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The role of the premotor cortex in multisensory speech perception throughout adulthood: a rTMS study

Avril Treille 1 Marc Sato 2 Jean-Luc Schwartz 1 Coriandre Vilain 1, 3 Pascale Tremblay 4
3 GIPSA-Services - GIPSA-Services
GIPSA-lab - Grenoble Images Parole Signal Automatique
4 Laboratoire des Neurosciences de la parole et de l'audition (Québec) [Canada]
CERVO - Centre de recherche de l’Institut universitaire en santé mentale de Québec [Canada]
Abstract : Although neurobiological models of language argue for a left lateralization of the audio-motor dorsal pathway during speech perception [1], the question of the role of the right and left premotor ventral (PMv) areas in multisensory speech integration processes remains largely unknown. What is the contribution of the hemispheric differentiation in the integration processing and what role do premotor areas play in these mechanisms? Further, given the known differences in speech perception accuracy for young and older adults and decreasing sensorial acuities with age, it is possible that the lateralization of multimodal integration processes evolves over time. In the present study, we explored the impact of inhibitory transcranial magnetic stimulation (rTMS) on the right and left PMv during auditory (A), visual (V) and tactile (T) unimodal conditions as well as during audio-visual (AV) and audio-tactile (AT) bimodal conditions across age.The experiment consisted of 2 rTMS sessions (related to the left and right PMv) conducted for each of the 24 healthy right-handed participants (16 females; mean 46±19 [19-78] years). Following completion of each session, participants performed a force-choice identification task. They were told that they would be presented with /pa/, /ta/ or /ka/ syllables in 5 different sensory modalities (A, V, AV, T, AT) and had to identify, as quickly as possible, the perceived syllable by pressing on one of three keys on a response pad. To increase task-difficulty, half the trials were presented in quiet, while the other half was presented in noise. Mixed-model ANOVAs were conducted on the mean accuracy and median reaction time (RT) data with the target region (left PMv/right PMv), the acoustic environment (noise/no noise), and the modality (A/AV/AT/V/T for the accuracy analysis and A/AV/AT for the RT analysis) as the within-subjects factors, the order of the stimulation (left PMv first, right PMv first) as a between-subjects factor, and age as a continuous quantitative between-subjects co-variable.Our results demonstrate that multimodal integration is relatively preserved in aging, becoming slower but not less accurate. Importantly, we found a significant linear negative relationship between hemispheric difference and age in the auditory modality, i.e., with increasing age, hemispheric differences declined. Interestingly, no such difference occurred in the bimodal modalities. This suggests a larger recruitment of the right PMv to support auditory speech processes in elderly adults, possibly as a consequence of a reduced auditory acuity with age, or a de-differentiation of the phonemic categories. In contrast, the absence of an age effect in the bimodal conditions suggests that multisensory processing remains stable throughout adulthood. Together, these results demonstrate that multisensory integration mechanisms are, at least in part, maintained with age despite a decline in auditory acuity, and demonstrate the feasibility of using rTMS in healthy elderly adults to study speech and language processes.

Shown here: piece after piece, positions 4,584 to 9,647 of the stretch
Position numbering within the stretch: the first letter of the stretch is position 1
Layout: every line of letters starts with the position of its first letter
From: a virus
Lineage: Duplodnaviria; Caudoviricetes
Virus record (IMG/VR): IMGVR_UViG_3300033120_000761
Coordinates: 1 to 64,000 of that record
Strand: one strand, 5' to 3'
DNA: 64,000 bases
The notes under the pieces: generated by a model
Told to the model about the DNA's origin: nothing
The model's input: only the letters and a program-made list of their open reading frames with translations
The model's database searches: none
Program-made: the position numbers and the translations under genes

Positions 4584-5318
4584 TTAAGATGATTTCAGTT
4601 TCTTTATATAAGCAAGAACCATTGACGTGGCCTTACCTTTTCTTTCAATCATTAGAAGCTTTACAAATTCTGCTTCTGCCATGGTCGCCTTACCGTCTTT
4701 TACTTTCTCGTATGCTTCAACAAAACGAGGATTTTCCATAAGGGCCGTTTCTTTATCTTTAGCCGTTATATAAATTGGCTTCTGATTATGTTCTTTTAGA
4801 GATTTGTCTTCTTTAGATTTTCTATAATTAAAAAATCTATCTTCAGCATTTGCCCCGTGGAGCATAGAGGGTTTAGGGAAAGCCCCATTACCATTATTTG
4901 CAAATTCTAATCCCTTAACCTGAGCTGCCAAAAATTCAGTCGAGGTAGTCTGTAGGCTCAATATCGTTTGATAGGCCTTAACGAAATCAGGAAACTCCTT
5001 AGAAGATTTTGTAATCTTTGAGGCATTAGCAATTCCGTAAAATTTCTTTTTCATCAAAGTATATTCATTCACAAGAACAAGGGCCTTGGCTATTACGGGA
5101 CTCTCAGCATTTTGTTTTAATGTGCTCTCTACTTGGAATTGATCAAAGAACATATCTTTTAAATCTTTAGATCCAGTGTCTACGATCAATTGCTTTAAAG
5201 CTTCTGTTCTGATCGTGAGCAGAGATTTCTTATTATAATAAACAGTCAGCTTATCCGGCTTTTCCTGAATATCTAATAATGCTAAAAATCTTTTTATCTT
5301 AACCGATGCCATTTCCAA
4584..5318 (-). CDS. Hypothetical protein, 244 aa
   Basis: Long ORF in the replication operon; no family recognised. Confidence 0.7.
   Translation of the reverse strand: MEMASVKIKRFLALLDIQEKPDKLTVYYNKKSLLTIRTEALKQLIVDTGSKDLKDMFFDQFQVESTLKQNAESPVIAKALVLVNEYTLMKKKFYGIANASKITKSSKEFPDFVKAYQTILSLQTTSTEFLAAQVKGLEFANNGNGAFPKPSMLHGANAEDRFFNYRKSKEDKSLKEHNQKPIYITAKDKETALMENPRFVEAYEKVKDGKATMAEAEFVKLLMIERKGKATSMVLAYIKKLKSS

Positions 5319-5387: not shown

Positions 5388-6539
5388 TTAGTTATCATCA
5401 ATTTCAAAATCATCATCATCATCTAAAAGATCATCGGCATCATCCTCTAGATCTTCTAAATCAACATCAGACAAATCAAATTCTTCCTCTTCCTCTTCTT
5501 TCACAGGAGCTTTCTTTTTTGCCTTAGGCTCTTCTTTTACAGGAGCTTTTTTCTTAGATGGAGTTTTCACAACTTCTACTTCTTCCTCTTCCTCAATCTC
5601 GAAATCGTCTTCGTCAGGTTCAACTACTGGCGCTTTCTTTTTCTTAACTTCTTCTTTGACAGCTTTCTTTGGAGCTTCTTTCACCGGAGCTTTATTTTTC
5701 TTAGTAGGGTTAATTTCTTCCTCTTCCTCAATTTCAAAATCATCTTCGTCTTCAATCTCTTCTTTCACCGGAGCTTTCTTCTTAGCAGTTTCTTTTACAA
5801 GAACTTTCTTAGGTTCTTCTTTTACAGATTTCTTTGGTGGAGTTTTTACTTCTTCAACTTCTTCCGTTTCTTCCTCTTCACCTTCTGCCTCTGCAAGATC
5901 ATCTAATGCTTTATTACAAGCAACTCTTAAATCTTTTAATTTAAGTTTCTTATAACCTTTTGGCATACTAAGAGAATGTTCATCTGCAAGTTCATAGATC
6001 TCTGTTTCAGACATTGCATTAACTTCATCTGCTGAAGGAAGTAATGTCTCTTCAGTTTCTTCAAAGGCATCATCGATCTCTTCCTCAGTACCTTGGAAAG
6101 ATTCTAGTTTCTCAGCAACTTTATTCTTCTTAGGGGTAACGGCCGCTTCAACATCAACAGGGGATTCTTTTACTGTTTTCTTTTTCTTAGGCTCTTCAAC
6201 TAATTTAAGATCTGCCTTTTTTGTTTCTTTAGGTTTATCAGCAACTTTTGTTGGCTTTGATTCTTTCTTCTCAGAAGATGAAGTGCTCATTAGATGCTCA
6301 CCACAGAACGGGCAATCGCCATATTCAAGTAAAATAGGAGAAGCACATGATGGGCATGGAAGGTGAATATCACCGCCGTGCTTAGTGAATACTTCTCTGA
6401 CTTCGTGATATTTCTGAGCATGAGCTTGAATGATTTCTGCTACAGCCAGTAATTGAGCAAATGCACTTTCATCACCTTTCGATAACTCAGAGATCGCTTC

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Contributor : Coriandre Vilain Connect in order to contact the contributor
Submitted on : Tuesday, November 14, 2017 - 10:18:58 AM
Last modification on : Wednesday, November 3, 2021 - 7:48:51 AM
Long-term archiving on: : Thursday, February 15, 2018 - 1:22:25 PM


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  • HAL Id : hal-02074942, version 2



Avril Treille, Marc Sato, Jean-Luc Schwartz, Coriandre Vilain, Pascale Tremblay. The role of the premotor cortex in multisensory speech perception throughout adulthood: a rTMS study. SNL 2016 - 8th Annual Meeting of the Society for the Neurobiology of Language, Society for the Neurobiology of Language, Aug 2016, Londres, United Kingdom. ⟨hal-02074942v2⟩



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